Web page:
What would you do if your tap water turned brown? If it gave your children a rash every time they took a bath? Or worse, what if it made them sick? Read, watch, and listen to the stories below to uncover the wild story about how the water in Flint became Not Safe To Drink . And you can find ALL of our coverage of the Flint Water Crisis here .
If you missed parts 1 or 2 of Not Safe to Drink, you can find them here . Back in September, research scientists from Virginia Tech came to Flint to break some bad news. Their tests showed high levels of lead in people’s tap water. Lead is especially harmful for young children.
What would you do if your tap water turned brown? If it gave your children a rash every time they took a bath? Or worse, what if it made them sick? Listen to our special documentary below, and hear the wild story about how the water in Flint became Not Safe To Drink .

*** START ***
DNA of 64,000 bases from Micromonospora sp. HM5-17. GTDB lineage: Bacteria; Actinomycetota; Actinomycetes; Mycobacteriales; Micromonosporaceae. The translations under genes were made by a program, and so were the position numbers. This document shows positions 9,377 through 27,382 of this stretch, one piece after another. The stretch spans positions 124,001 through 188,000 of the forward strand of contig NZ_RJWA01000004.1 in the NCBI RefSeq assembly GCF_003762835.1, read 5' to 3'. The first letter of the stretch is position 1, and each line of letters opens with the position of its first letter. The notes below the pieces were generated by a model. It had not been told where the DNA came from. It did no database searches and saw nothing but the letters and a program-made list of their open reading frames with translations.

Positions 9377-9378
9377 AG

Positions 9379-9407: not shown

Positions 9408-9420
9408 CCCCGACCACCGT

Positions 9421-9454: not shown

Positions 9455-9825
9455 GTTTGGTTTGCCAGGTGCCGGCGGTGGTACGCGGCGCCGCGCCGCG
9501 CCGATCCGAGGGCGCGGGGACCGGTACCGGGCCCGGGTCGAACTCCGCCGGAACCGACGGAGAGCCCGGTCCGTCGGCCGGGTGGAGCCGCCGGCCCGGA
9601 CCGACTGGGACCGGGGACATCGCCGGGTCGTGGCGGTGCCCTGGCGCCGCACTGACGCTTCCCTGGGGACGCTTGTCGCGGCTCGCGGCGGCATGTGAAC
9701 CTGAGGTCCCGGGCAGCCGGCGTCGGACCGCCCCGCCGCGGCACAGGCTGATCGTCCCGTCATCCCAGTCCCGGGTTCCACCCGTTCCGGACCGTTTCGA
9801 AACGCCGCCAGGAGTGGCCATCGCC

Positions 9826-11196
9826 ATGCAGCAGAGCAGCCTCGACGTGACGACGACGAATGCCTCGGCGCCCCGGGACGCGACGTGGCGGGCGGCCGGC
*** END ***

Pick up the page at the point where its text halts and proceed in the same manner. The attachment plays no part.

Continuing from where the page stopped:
If you missed part one of Not Safe to Drink, you can hear it here . The tap water in Lee Anne Walters’ home in Flint was causing her family’s health problems. Tests show her water had extremely high lead levels. Her son Gavin was diagnosed with lead poisoning. “How does this happen in the United States?” she asks. “I mean, you hear about it in third world countries, but how does this happen, specifically in a state that is surrounded by the Great Lakes?”
Up until October, the Walters family lived in a yellow two-story home on the south side of Flint. A couple of red maple trees shade the tiny front yard. Walters heads to the back of the house, in a small room off of the kitchen, where the family keeps its stockpile of bottled water. “This is our water stash. Once a week we go and we fill 40 gallons of water, so we have water to drink with, to cook with, and to bathe Gavin and Garrett in,” says Lee Anne Walters.